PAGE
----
Florida A&M University has experienced numerous changes in the athletic department over the last decade. There have been 10 athletic directors, which has caused instability within the department.
The university’s track and field team has been significantly affected by these constant changes in the department.
The lack of trainers and compliance officers have made it difficult for members of the team to get the help needed to be the best they could be. Students commit to the university under the impression that the athletic department is run professionally. Unfortunately, many in the program have been left disappointed and unsatisfied.
London Shaw, a thrower on FAMU’s track and field team, likened her experience to a roller coaster.
“My athletic experience here at FAMU has been a constant roller coaster. Some issues within the athletic department that have affected the team have been losing members of compliance and the AD,” Shaw said. “Although the track team didn’t have the best relationship with the old AD, this has caused us to go over a year without a head coach and coaching staff who are qualified.”
Shaw said that as a result of unprofessionalism within the department, the track team and other intercollegiate sports teams are left to work with little to no resources and still expected to perform at their highest capabilities.
“If it is not football, FAMU does not set athletes up the best that they can. They are the only ones who receive recognition, and the only ones who get handed things, regardless of the season. They got an athletic cooler, but we don’t even have the proper equipment to compete with. Other sports teams are hanging on by threads while the football team gets to fly around the country,” Shaw said.
“Last season, my event group had to beg and plead for them to complete our throwing ring … and it still was only half done. I was forced to compete in events with shoes with holes because someone ‘forgot’ to place an order for our shoes. It wasn’t until I purchased my shoes out of pocket that I had some at competition level,” Shaw added.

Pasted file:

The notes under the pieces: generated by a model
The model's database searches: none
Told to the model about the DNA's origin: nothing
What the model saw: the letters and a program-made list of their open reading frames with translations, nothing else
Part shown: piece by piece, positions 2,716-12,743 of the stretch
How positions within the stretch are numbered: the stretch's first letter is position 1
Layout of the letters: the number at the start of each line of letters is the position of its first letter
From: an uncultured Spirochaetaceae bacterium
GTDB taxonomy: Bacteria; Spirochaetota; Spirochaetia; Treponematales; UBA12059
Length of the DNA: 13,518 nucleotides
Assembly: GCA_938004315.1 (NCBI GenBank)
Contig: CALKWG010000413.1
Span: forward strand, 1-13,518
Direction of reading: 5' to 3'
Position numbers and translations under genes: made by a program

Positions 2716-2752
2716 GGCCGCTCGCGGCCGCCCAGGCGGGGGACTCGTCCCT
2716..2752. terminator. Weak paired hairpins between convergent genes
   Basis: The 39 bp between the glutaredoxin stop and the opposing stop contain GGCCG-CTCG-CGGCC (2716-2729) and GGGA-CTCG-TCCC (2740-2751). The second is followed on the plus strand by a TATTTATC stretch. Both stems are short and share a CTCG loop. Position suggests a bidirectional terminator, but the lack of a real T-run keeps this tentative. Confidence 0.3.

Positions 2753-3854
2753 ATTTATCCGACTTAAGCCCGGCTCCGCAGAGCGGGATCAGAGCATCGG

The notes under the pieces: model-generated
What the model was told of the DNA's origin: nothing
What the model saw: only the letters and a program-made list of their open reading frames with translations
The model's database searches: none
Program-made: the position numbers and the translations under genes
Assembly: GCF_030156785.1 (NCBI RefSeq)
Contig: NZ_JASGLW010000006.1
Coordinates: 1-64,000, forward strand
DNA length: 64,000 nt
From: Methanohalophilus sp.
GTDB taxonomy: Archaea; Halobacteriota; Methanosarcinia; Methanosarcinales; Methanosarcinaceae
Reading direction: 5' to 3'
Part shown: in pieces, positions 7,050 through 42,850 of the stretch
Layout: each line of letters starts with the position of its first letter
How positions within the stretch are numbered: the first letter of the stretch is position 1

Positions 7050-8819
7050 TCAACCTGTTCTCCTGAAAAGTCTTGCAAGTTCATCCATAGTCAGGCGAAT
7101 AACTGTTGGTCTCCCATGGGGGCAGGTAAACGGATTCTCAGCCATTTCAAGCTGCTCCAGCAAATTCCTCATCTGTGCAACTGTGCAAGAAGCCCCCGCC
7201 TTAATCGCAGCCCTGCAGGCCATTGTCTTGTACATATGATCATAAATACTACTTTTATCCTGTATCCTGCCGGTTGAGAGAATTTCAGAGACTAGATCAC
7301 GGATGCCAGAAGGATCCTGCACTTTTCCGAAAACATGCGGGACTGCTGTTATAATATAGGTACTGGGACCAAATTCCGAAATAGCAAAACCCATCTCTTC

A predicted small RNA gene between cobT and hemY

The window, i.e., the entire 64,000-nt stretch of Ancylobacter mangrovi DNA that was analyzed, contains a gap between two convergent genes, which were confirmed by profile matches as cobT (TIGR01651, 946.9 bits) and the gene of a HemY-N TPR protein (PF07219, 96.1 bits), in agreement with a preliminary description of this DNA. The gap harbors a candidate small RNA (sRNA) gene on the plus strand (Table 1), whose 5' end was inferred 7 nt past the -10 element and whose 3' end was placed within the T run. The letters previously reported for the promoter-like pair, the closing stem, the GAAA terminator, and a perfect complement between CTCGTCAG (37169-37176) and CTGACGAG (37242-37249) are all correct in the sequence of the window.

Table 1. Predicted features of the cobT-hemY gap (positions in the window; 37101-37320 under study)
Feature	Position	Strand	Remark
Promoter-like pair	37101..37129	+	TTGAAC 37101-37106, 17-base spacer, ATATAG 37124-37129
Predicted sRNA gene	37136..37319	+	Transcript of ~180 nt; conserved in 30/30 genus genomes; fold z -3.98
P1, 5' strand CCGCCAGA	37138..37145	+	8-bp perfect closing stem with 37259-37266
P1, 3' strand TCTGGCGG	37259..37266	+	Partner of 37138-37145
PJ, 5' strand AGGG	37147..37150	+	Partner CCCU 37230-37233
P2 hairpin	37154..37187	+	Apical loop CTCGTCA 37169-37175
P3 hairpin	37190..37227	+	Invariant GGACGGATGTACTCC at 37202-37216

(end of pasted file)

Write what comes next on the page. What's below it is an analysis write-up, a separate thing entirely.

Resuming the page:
While lacking the necessary resources, the track team had to sacrifice attending meets during last season.
Jaylyn Scott, a former hurdler and school record holder for the team, said that because of unprofessionalism and issues that arose years ago, athletes had to suffer by not attending some meets.
“My first and second year, we were under a self-imposed postseason ban because of some academic infractions from teams and coaches almost a decade before us. We missed multiple meets in my last season competing at FAMU. We did not receive track spikes until almost the end of the season; it was just a lot of unprofessional activity between the coaches and administrators,” Scott said.
Scott said he would have made a different decision on being an athlete at FAMU if he had been aware that the athletic department was experiencing so many hardships.
“Knowing what I know now, I wouldn’t have been interested in FAMU’s track team. I don’t regret attending the school, but I would have explored other options and opportunities, more than likely committing to another school,” Scott said.
While being a member of FAMU track comes with highs and lows, many members said they have enjoyed their relationships and experiences.
Brandon Love, a former sprinter on the team, enjoyed his overall experience and is grateful for his teammates and the people he met.
“Overall, my experience on the team was positive,” Love said. “I think the relationships I created with my teammates in the competition made the experience positive.
“Were there negative experiences, yes, but I feel like that exists with anything you do,” Love added.